The brakes are off: the government is relaxing a raft of coronavirus measures. As from tomorrow, virtually everything can remain open until 10 PM. In higher education, students and staff do not need to self-isolate as frequently.
This has emerged from the latest press conference given by Prime Minister Mark Rutte and Health Minister Ernst Kuipers. They are deliberately testing the limits of what is possible, said Rutte. After all, the number of infections is at a record high and will now rise even more quickly.
To a large extent the government is following the OMT’s advice that was already published before the press conference; in fact the closing time is even two hours later than the experts proposed.
So the quarantine rules are changing. Following contact with an infected person, some people do not have to self-isolate if they themselves have no symptoms. This applies, for example, to pupils and students under the age of 18.
The rules are also being relaxed for anyone who had a booster jab more than one week ago or who tested positive less than eight weeks ago (and who has therefore recovered from COVID-19).
In such cases, these individuals cannot pay a quick visit to grandpa and grandma: they must avoid contact with vulnerable people. In addition, the OMT advised self-testing every day for five days, but the government has said nothing about that recommendation.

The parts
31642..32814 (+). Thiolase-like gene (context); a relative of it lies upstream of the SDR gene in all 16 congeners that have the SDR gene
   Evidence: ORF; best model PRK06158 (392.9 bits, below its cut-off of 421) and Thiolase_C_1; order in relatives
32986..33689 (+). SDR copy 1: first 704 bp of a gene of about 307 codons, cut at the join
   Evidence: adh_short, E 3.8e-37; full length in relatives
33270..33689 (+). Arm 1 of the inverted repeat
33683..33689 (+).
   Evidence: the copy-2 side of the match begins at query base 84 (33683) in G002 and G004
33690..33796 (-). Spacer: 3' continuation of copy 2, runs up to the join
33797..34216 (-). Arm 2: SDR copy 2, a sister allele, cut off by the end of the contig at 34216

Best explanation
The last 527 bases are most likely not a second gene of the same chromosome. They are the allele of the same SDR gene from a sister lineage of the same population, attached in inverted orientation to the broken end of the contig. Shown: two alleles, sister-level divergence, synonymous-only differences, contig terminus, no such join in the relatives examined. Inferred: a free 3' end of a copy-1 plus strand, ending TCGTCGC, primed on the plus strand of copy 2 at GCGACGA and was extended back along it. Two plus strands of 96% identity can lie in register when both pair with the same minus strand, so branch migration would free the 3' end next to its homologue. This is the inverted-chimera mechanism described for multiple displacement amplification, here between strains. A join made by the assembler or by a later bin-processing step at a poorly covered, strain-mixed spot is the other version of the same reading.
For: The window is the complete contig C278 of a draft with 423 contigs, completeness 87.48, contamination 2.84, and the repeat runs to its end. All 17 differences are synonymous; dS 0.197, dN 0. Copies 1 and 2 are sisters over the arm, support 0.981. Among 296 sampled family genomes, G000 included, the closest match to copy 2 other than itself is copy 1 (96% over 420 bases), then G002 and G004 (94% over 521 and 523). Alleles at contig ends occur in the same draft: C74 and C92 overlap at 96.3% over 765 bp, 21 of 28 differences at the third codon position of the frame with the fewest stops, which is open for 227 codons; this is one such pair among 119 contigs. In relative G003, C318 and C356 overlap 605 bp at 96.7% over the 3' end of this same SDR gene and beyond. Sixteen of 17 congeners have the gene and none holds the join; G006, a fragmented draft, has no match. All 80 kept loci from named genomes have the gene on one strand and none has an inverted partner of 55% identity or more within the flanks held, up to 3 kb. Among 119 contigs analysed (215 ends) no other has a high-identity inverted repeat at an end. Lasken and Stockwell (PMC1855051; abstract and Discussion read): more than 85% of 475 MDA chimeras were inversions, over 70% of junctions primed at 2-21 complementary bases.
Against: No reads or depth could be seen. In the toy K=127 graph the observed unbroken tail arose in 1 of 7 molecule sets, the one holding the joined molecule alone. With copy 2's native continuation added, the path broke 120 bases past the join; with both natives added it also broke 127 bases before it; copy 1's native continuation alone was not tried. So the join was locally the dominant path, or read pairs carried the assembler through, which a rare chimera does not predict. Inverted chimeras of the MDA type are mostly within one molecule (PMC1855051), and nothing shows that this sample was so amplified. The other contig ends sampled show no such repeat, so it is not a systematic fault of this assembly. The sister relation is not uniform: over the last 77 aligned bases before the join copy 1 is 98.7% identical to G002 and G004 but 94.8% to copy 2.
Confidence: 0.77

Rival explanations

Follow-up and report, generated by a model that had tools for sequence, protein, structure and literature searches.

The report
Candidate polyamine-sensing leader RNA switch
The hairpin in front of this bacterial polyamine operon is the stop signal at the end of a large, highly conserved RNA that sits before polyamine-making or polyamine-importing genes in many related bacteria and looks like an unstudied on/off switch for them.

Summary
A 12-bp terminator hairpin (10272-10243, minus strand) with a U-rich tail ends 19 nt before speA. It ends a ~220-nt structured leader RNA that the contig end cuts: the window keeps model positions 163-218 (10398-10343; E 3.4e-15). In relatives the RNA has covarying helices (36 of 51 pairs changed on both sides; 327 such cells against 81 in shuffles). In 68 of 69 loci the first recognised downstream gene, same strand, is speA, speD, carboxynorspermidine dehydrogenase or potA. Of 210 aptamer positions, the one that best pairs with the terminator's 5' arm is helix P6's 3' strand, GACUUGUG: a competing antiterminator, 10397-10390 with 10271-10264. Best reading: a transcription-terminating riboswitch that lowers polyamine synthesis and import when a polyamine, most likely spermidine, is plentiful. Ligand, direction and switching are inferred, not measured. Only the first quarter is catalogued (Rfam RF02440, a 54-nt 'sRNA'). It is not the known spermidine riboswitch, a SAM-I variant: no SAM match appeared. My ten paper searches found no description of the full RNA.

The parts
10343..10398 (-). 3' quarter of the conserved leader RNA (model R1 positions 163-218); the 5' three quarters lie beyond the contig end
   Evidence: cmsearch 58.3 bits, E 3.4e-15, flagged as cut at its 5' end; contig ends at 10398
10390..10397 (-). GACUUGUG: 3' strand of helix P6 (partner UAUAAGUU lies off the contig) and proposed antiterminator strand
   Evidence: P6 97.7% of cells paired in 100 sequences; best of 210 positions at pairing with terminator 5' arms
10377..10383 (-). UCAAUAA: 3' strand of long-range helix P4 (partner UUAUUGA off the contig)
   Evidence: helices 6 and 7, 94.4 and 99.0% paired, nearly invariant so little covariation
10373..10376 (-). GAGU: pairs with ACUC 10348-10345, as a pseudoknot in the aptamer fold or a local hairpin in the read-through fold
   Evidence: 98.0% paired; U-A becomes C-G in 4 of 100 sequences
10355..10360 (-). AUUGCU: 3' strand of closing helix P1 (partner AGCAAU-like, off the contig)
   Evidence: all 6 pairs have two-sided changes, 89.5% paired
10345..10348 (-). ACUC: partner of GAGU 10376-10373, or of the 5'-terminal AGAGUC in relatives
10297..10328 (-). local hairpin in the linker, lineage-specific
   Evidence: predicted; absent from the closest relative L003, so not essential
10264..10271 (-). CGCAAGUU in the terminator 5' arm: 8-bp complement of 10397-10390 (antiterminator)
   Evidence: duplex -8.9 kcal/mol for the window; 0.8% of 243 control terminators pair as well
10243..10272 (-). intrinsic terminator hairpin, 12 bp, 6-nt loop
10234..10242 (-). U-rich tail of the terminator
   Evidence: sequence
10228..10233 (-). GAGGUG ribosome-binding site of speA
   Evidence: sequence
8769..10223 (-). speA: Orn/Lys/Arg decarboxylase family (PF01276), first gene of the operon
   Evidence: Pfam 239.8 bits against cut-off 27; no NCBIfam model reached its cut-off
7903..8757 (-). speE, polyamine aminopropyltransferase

Consequently, the quarantine rules for students vary, depending on their age and vaccination status. Anyone who has symptoms must still stay at home and do a self-test. Anyone who is infected must self-isolate.
Exceptions for lecturers
An exception to the quarantine rules may be made for teachers and lecturers with an ‘essential role’ in education or in an ‘exceptional situation’, as long as the staff member has no symptoms. According to a press release by the ministry, this is possible only “in mutual agreement between employer and employee and under strict conditions, such as daily self-tests”.
In practice, this is applicable only to teachers and lecturers who have not had a booster jab (or who had one less than a week ago) or who have not been vaccinated at all.
And what about the rules for lecture halls? No changes there, a spokesperson for the ministry said. A maximum of 75 students can gather at any one time.
The general coronavirus rules remain in force: practice social distancing wherever possible, wash your hands regularly, wear a face mask in public spaces and ensure good ventilation.
Kuipers warned, however, that the number of infections will rise. More people will therefore self-isolate, so some places will be closed – despite the new rules – for lack of staff.
In principle the measures are in force for six weeks, with a reassessment in three weeks. It is possible that the government will then have to reimpose stricter rules, Rutte warned. He would then definitely be accused of yo-yo policy, he predicted, but he is prepared to take that risk.